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The Primuline Or Diazotype Process

Primuline, discovered in 1887 by Mr. A. G. Green, an English chemist, is a
dye of a primrose color, possessing a great affinity for cotton fibers, to
which it is readily fixed by simply immersing the material for a few
moments in a hot solution of the dye. If the material so dyed be placed
in an acidified solution of nitrous oxide, the primuline is diazotized,
forming a derivative compound of a deeper color, which fades in the light,
and which in presence of amines and phenols gives rise to a variety of
dyes whose color depends on the reagent employed, while, when acted on by
light, the resulting compound is entirely deprived of this property. In
other words, the diazotized primuline acts as a mordant only when not
altered by the luminous action.

The chemical change light effects in the diazotized primuline is not well
known. It is pretty certain, however, that nitrogen is set free, for if
gelatine imbued with primuline be immersed in water after insulation,
nitrogen is set free and can be collected as usual in a tub filled with
water and inverted on the substance.

By itself diazotized primuline is slowly influenced by light, but quickly
acted on in presence of organic substances. It is more sensitive when
applied on cotton or paper than on wool, silk, linen, and such organic
compounds as gelatine, albumen, caseine, starch, etc. Its sensitiveness
is about one-tenth less with gelatine than with cotton.

The sensitiveness of diazotized primuline to light, when united to organic
substances and the different colors which can be obtained with the
unaltered compound, have given rise to an interesting printing method, the
invention of Messrs. A. G. Green, C. F. Cross, and E. J. Bevan, which
yields positive impressions from positive cliches. The manipulations of
the process are simple:

In a certain quantity of rain water, kept at nearly the boiling
temperature by an alcohol lamp placed under the vessel, dissolve per cent.
2 parts of commercial primuline, and in this immerse, by means of a glass
rod, some pieces of calico--free from dressing--turning them over several
times during the immersion. When the fibers are well imbued, which
requires from four to five minutes, remove the calico with the glass rod
and rinse it thoroughly in water. This done, wring out the superfluous
liquid as much as possible, and, finally, immerse each piece separately in
a solution of

Sodium nitrite, 7 parts
Hydrochloric acid, 16 parts
Water 100 parts

After turning the pieces of calico two or three times over, they are
rinsed to eliminate the acid, then drained and placed between sheets of
blotting paper to dry. All this, except the impregnation with primuline,
should be done in the dark room.

As said above, primuline is transformed by nitrous oxide into a diazotized
compound, and consequently the material is now susceptible of being acted
on by light. It does not keep, and should be exposed, etc., soon after
its preparation.

Paper is impregnated with primuline either by floating or brushing. The
best results are obtained with paper previously sized with arrowroot or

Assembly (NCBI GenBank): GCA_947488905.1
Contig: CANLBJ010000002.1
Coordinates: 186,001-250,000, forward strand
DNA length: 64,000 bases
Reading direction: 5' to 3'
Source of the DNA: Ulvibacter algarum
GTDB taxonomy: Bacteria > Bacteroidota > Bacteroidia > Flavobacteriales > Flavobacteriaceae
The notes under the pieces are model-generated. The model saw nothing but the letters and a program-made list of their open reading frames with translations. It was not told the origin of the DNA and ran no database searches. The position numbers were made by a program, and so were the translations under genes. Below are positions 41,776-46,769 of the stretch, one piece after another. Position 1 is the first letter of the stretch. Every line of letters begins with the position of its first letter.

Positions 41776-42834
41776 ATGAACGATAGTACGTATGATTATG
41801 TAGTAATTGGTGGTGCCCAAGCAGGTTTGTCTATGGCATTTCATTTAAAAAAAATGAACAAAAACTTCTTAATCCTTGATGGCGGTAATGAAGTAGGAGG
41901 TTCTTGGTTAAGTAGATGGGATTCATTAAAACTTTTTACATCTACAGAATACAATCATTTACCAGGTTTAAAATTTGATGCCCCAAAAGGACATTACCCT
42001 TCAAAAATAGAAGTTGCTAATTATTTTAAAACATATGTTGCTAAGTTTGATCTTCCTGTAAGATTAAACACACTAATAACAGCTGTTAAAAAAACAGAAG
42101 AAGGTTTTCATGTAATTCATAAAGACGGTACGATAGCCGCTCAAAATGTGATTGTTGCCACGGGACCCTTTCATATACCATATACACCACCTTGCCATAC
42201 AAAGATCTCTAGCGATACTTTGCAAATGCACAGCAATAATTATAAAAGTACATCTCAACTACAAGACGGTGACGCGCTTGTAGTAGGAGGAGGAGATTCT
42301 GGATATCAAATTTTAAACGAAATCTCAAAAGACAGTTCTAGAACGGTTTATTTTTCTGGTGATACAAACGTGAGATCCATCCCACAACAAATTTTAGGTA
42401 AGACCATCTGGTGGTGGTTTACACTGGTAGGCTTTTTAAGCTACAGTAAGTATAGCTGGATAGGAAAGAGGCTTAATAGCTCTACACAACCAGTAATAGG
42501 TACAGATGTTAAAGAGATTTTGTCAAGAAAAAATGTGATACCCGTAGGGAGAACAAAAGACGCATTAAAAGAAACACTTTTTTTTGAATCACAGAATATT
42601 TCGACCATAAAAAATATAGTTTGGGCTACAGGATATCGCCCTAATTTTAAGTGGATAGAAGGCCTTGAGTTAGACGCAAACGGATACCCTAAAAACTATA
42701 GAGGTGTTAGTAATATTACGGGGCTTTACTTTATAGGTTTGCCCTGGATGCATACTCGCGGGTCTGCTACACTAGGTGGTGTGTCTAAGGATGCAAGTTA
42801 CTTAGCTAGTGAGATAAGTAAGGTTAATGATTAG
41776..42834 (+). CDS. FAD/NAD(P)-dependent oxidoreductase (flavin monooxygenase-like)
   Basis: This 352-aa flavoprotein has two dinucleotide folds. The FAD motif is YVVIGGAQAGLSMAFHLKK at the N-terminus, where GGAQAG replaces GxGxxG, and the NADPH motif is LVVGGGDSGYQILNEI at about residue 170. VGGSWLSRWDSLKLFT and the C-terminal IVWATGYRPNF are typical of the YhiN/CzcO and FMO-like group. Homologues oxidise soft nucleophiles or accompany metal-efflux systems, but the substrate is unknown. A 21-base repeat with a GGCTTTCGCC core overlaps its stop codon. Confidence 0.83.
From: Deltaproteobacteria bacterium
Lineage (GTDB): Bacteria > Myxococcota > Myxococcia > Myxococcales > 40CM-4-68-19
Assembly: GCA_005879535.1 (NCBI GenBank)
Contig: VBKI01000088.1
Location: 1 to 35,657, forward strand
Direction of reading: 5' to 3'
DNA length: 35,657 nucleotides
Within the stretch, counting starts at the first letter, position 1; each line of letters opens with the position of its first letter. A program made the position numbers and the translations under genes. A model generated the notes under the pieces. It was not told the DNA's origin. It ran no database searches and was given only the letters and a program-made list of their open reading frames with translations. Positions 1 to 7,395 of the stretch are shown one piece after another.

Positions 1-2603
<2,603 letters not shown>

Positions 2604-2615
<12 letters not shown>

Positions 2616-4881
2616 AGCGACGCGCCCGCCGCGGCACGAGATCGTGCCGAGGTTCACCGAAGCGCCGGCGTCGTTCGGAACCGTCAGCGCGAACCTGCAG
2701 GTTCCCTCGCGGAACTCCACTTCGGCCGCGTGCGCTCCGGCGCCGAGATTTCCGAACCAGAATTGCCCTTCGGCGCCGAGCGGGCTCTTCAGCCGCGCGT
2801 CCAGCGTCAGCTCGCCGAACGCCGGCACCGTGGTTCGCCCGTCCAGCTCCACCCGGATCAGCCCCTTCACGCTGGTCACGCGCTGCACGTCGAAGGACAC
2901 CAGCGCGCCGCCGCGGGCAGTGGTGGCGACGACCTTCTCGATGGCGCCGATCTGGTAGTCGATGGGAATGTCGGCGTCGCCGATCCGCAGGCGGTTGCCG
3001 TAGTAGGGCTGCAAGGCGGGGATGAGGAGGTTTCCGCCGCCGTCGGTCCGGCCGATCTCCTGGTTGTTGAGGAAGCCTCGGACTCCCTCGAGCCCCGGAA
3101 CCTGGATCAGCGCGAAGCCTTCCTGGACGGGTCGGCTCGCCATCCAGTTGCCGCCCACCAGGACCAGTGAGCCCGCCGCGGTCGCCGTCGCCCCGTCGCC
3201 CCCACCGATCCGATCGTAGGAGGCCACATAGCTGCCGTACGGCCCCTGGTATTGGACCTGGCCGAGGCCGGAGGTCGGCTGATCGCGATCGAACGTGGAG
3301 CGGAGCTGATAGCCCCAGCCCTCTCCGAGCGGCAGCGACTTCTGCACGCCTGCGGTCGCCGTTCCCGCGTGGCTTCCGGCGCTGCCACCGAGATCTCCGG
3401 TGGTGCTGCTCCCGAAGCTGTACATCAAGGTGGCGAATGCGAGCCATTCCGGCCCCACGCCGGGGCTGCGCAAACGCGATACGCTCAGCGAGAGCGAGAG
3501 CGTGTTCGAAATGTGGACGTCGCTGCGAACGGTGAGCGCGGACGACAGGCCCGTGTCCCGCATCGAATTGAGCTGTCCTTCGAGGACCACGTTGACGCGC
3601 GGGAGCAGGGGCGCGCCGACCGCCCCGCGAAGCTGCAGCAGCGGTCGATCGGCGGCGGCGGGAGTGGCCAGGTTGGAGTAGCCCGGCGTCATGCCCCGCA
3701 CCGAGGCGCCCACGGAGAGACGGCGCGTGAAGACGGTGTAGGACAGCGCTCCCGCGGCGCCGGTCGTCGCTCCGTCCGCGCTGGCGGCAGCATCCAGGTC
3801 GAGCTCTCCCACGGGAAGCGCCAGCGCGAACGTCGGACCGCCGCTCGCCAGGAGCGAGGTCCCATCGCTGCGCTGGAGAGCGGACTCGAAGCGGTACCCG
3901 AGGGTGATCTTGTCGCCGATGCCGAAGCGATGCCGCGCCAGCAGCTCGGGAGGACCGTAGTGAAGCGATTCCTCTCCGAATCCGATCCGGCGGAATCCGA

gelatine in order to keep the image entirely on the surface of the paper.

Linen, silk and wool are treated as calico.

The cliches should be positive to obtain positive expressions and somewhat
more opaque than those employed in the processes before described, else
vigor and intensity could not be obtained. Here we must state that the
primuline process seems to be better adapted for the reproductions of
drawings, such as made for the black process, and of opaque photo-cliches
in lines, or white and black, than for printing in half tone.

When the material to print upon is thick and wholly impregnated with
diazotized primuline, it is advisable, since the insulation could not be
prolonged to effect the change through, to expose the back of the material
for a certain but short period in order to clear it. This is especially
advantageous when the cliche is not of good intensity.

During the exposure, which varies from 30 seconds to 10 minutes and more
by a dull light, the progresses of the luminous action is seen by the
bleaching of the material which assumes a dingy coloration. But in order
to ascertain when the decomposition is complete on the ground of the
image, it is well to use tests as in the cyanofer process, dipping one
of them in the developer from time to time.

The developers are compounded as follows:

Beta-naphthol 4 parts
Caustic potassa 6 parts
Water 500 parts

Rub the alkali and the naphthol with a little water in a mortar and add
the remainder of the water.

Resorcin 3 parts
Water 500 parts

When dissolved add

Caustic potassa 5 parts

Carbolic acid, cryst 5 parts
Water 500 parts

Naphthylamine 6 parts
Hydrochloric acid, in 6 parts

Mix in a mortar, then add

Water 500 parts

Eikonogen, white crystals 6 parts
Water 500 parts

Pulverize the eikonogen, add the water and, at the same time, the material
on its removal from the printing frame, and keep in motion until the
development is effected.

Pyrogallol 5 parts
Water 500 parts

After the development, which requires but a few moments, it suffices to
wash the material to fix the image by eliminating the soluble compounds.
However, for purple the material should be passed in a dilute solution of
tartaric acid and not washed afterwards; it should remain acid.

When it is desirable to obtain an impression in several colors, the
various developers are thickened with starch, then locally applied with a
brush on the image, which is always visible after exposure.

For printing on wood, glass and porcelain, see further on.

Next: Printing On Wood Canvas Opal And Transparencies

Previous: The Aniline Process

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